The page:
MR. LOCKHART: I think we had some sense of his view of the criminal justice system, but we had no specific knowledge of how he would testify, particularly on the issue of censure.

Q Considering the gravity of what's at stake here, is it the President's deliberate strategy to say absolutely nothing publicly about this?

MR. LOCKHART: Listen, there's a lot being done publicly over the last two days. You cannot turn on a television any place and not see these hearings. We're setting forth a very serious and comprehensive defense of allegations that have been raised. This has been going on 11 months.

Now, I know that there are many in this room who want to focus on calls for the President to say something, but this is a serious matter. We are doing it, I think, in the proper way. I think we're bringing credit to the process by doing it within the committee, and that's what our focus is for these two days.

Q With all due respect, the allegations are about his conduct, not the conduct of his staff or his administration.

MR. LOCKHART: That's correct.

Q And my question is, the President has not offered a word in his own defense during this intensive hearing

MR. LOCKHART: That's just not true, and you know that.

Q I said, in this recent week, in the concentration on the House today, he has not offered a public word in his own defense.

MR. LOCKHART: Okay. I suggest that you check with your library on the many comments he's made, and I'll be glad to point out the dates and times of them.

Q Are you saying it would not be useful for the President to make some sort of statement?

MR. LOCKHART: I'm saying that we believe we're making the best and most effective presentation we can by going up in a legal way and making a presentation to the committee on the facts and the law, and that's what's appropriate right now.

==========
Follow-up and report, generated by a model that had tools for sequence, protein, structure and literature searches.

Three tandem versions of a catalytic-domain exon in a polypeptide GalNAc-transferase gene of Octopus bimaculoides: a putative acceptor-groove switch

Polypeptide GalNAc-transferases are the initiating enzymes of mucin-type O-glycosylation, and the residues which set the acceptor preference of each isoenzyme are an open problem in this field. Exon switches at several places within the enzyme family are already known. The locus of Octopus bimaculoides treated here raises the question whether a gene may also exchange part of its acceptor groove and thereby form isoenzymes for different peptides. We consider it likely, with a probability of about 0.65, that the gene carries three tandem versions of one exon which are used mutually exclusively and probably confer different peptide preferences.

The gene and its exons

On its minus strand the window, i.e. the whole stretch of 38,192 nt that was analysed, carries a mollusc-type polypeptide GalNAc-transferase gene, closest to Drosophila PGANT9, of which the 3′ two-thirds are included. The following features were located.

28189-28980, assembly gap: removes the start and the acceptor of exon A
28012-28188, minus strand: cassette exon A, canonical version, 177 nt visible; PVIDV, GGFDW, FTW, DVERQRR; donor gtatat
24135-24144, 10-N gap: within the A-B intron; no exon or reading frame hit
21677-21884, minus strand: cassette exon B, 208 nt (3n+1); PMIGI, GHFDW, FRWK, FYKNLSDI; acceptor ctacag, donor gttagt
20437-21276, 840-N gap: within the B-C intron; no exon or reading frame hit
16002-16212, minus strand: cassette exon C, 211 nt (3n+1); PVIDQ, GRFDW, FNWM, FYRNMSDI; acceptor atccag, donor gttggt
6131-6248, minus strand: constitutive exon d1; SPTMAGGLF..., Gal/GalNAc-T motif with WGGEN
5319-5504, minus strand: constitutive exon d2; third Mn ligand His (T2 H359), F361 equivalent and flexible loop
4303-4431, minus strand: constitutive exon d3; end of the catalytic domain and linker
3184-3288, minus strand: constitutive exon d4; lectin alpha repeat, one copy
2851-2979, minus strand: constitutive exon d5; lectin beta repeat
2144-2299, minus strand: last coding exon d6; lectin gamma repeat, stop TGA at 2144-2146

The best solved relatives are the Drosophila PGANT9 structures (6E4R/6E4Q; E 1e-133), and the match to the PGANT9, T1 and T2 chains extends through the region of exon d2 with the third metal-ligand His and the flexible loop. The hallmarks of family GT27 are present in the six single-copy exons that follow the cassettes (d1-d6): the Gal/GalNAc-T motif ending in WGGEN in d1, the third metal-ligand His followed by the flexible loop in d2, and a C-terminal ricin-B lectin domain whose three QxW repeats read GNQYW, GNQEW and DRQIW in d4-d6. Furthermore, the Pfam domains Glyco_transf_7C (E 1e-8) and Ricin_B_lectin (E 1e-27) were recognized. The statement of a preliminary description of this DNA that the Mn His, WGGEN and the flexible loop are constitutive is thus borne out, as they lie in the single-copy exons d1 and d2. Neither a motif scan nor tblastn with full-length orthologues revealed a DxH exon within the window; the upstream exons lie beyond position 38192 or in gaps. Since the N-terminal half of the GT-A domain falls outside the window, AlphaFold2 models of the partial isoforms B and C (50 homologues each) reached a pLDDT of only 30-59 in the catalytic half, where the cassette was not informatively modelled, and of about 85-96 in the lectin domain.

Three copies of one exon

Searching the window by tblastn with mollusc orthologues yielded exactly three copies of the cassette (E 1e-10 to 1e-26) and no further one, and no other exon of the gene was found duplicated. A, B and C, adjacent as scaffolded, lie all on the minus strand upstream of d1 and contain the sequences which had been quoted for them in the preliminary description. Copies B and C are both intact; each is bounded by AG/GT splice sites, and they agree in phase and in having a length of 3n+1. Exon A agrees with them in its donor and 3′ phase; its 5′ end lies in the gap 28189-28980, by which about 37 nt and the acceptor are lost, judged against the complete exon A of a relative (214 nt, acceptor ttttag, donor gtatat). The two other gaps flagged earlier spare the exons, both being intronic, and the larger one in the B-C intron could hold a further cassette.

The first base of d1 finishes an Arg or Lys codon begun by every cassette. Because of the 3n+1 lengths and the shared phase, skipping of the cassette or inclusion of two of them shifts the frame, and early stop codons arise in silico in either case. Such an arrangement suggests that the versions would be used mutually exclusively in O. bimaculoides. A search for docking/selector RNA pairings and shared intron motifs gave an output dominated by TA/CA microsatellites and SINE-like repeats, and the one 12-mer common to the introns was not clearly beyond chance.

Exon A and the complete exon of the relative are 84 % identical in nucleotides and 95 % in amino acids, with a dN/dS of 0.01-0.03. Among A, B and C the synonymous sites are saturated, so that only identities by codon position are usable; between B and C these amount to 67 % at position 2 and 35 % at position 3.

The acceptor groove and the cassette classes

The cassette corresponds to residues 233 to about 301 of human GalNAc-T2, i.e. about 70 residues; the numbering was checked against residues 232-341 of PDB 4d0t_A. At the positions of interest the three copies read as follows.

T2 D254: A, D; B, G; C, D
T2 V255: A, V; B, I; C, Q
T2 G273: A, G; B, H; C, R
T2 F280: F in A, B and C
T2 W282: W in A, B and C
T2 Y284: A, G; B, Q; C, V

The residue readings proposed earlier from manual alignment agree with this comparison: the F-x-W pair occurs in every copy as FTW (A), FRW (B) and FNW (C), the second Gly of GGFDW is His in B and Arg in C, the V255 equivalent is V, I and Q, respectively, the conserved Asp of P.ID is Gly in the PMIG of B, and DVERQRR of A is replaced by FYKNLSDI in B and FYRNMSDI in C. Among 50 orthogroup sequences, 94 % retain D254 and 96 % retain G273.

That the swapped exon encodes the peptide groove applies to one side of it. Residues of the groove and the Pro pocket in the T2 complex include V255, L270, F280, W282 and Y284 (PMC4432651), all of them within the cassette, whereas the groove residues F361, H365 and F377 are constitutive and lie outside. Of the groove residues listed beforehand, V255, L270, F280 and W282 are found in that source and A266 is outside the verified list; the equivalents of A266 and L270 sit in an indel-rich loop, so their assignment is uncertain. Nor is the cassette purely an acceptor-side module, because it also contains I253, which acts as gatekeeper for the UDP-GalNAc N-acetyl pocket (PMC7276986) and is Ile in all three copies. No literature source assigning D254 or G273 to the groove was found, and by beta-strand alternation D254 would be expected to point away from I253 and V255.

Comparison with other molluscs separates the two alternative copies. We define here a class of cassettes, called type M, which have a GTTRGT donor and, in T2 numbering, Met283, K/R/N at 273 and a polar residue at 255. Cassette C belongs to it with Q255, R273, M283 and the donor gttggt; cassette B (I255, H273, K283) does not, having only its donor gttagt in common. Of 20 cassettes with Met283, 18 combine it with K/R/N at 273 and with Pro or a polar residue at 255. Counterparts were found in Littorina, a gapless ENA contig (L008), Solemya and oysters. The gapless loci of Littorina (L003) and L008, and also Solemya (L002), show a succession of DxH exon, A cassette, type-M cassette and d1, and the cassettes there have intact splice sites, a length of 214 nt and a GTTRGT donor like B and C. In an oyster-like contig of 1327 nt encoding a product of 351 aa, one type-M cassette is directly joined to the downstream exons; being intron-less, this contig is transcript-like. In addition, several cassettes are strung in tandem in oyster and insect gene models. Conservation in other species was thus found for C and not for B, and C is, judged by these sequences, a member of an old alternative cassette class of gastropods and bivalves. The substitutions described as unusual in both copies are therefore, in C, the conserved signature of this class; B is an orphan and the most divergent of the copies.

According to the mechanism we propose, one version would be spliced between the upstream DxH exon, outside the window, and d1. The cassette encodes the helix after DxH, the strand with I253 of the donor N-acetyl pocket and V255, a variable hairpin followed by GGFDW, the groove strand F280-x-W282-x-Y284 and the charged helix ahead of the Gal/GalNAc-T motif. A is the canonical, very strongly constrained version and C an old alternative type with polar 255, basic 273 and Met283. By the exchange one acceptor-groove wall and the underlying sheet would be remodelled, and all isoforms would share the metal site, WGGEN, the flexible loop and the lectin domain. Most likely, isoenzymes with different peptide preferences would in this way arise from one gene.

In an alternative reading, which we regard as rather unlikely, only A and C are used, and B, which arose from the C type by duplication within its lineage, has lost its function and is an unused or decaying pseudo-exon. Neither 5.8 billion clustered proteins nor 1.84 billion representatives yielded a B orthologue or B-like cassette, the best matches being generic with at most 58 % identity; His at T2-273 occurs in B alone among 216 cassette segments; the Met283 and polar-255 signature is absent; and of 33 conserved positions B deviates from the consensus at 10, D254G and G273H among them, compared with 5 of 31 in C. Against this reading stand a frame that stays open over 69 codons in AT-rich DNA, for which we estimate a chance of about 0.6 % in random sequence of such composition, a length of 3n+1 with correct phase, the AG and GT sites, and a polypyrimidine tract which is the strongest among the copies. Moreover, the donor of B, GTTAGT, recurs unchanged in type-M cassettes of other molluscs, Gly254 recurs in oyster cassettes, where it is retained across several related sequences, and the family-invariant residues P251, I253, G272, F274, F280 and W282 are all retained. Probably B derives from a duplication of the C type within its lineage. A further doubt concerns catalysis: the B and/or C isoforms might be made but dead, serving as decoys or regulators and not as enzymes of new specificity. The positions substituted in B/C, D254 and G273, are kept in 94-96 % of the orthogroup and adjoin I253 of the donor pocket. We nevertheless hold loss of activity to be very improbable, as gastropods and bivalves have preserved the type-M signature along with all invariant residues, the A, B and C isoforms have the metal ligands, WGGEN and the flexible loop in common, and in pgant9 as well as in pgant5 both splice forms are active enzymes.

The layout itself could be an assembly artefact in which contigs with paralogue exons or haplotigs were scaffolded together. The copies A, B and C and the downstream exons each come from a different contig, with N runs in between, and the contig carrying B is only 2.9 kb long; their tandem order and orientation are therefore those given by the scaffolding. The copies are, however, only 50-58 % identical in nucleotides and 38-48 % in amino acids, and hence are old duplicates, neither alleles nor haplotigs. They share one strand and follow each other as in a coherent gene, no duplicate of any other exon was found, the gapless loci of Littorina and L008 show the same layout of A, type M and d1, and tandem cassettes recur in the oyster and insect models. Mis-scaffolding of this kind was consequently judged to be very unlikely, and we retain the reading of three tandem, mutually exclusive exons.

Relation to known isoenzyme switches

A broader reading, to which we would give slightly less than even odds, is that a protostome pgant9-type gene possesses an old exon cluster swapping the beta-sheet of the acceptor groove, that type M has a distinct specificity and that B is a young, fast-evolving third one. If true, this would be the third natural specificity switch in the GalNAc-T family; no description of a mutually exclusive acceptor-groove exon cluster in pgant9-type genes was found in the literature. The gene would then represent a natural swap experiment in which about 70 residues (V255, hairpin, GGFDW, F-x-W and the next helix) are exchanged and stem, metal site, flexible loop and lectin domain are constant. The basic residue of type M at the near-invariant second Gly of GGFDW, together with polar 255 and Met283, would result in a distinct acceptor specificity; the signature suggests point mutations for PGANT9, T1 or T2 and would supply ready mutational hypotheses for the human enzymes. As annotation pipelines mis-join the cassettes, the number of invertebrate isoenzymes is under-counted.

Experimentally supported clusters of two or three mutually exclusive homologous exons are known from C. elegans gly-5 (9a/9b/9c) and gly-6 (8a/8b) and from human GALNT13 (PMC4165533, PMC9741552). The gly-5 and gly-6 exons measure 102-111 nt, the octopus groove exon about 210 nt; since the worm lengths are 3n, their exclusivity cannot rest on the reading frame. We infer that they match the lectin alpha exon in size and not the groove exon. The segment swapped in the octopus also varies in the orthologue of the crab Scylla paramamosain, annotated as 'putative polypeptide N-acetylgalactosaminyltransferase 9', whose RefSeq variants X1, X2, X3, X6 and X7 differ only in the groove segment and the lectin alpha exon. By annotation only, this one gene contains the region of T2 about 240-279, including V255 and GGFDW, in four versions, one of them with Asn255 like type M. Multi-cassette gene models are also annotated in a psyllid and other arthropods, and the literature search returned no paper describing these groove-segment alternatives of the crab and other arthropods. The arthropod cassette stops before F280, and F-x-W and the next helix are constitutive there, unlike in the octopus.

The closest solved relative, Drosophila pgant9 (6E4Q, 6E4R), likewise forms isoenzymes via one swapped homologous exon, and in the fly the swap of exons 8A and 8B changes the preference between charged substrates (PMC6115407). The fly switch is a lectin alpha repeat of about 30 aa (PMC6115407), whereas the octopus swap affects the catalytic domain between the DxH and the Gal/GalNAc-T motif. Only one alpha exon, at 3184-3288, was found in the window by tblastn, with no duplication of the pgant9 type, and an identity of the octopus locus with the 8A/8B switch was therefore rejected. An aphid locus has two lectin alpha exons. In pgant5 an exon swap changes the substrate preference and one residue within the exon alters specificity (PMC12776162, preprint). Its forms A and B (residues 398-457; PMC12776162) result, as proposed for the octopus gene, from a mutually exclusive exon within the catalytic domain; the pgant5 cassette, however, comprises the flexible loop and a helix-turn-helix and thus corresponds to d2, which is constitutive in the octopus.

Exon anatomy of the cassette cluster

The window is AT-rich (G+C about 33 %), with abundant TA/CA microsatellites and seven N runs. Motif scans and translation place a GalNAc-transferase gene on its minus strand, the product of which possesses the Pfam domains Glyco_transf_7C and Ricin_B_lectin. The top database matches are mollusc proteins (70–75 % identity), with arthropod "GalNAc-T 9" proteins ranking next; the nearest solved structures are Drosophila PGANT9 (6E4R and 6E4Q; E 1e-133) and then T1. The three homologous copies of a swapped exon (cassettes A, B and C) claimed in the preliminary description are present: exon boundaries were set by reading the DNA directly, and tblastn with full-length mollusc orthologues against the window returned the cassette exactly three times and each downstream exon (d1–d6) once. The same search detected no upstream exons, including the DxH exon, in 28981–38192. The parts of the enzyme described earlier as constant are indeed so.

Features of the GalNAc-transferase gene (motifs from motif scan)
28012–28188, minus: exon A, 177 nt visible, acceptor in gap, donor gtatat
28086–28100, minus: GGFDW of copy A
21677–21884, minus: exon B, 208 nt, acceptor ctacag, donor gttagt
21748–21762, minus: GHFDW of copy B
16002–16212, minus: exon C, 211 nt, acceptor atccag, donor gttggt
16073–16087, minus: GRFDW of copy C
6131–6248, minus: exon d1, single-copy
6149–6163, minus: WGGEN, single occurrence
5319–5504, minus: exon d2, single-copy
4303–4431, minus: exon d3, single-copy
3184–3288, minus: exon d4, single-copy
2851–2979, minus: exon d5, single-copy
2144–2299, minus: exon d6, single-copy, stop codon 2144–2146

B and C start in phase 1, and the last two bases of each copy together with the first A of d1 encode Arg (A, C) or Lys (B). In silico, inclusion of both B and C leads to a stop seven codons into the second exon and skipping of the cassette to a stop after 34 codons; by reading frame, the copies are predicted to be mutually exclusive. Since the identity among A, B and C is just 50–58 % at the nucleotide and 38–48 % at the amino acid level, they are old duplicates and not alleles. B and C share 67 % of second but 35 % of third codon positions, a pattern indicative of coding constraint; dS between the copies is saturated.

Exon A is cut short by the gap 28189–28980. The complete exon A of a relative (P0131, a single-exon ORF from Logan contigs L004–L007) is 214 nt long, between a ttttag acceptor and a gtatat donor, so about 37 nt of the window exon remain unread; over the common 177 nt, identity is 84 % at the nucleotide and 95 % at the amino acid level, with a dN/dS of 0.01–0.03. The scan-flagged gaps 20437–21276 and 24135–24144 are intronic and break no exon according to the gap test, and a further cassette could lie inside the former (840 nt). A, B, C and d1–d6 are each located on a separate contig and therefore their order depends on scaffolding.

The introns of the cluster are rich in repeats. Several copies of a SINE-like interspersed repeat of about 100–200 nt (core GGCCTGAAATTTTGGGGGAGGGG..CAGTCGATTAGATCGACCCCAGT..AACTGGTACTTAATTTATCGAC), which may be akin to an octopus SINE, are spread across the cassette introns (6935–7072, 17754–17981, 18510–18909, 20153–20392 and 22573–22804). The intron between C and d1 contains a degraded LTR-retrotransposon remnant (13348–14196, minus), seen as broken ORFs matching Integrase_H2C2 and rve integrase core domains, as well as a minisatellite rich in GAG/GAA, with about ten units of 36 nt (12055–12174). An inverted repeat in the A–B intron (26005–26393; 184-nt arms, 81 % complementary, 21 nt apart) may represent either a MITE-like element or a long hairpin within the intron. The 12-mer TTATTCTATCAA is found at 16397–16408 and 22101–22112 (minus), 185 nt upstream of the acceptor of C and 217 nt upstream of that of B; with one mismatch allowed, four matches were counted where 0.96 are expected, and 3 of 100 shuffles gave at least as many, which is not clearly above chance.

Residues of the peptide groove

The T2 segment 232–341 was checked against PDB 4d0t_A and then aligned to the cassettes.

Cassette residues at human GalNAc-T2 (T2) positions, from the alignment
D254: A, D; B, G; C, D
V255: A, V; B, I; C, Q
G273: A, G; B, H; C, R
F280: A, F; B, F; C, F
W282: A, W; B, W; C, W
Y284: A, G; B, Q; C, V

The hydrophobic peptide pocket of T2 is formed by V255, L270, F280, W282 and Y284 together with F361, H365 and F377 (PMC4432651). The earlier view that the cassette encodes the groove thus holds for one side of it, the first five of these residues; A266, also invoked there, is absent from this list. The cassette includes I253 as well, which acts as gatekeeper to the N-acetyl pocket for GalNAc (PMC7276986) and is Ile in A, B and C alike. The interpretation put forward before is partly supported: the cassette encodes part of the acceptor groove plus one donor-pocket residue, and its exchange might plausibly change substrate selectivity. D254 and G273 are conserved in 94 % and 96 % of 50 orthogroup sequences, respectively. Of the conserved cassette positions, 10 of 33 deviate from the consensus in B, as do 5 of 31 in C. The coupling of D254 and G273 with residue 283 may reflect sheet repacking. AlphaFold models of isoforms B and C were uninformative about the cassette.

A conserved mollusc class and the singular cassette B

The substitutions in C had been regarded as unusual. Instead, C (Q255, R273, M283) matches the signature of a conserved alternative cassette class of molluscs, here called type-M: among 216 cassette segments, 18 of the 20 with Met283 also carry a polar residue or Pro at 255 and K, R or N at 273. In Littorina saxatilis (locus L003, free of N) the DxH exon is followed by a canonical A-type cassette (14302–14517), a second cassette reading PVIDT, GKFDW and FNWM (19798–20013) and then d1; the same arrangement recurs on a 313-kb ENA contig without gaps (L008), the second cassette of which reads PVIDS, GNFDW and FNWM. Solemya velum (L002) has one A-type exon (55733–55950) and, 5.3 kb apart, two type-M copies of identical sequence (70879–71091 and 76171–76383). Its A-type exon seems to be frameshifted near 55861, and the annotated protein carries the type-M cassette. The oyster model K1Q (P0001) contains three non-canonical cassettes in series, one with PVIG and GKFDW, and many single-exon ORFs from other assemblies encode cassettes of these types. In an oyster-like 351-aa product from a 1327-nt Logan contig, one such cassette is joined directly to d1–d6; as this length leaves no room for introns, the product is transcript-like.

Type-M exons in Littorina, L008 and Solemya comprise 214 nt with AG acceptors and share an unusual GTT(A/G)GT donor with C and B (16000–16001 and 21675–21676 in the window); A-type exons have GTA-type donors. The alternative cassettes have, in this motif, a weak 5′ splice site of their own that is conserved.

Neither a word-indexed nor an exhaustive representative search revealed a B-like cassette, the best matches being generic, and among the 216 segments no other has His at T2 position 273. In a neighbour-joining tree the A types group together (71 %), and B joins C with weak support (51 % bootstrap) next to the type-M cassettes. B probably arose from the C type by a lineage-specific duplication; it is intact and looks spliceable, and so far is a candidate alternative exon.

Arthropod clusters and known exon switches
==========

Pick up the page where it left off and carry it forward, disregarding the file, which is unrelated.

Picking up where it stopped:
Q What do you think of Chairman Hyde saying that after the committee votes articles of impeachment -- if, indeed, they do -- he'll then allow a vote up or down on censure?

MR. LOCKHART: I think the Democrats in the committee have made the case that they want to bring a vote of censure before the committee, so I think it's appropriate that they be allowed to do that.

Q Well, does it matter?

Q Do you have any concerns that a vote in the committee might be used as an argument by Republicans to preclude, then, a vote on the full House floor?

MR. LOCKHART: I think there are some concerns that the House leadership takes actions that contravenes the majority of the House. And if a majority of the House wants a vehicle to vote on some other option than impeachment, then they should be given that. That's a matter ultimately, though, for the House to decide in the leadership.

Q Do you mean to preclude that the President will make any statement up to and including --

MR. LOCKHART: Absolutely not, and I have said that over and over again to you all. But I think somehow focusing on this narrow issue while we're presenting a very well thought out and comprehensive defense minimizes what we're doing in the Capitol for the next two days, and that shouldn't be done.

Q You've got a White House Conference on Social Security going on across the street.


Q Obviously, no one's paying attention to it.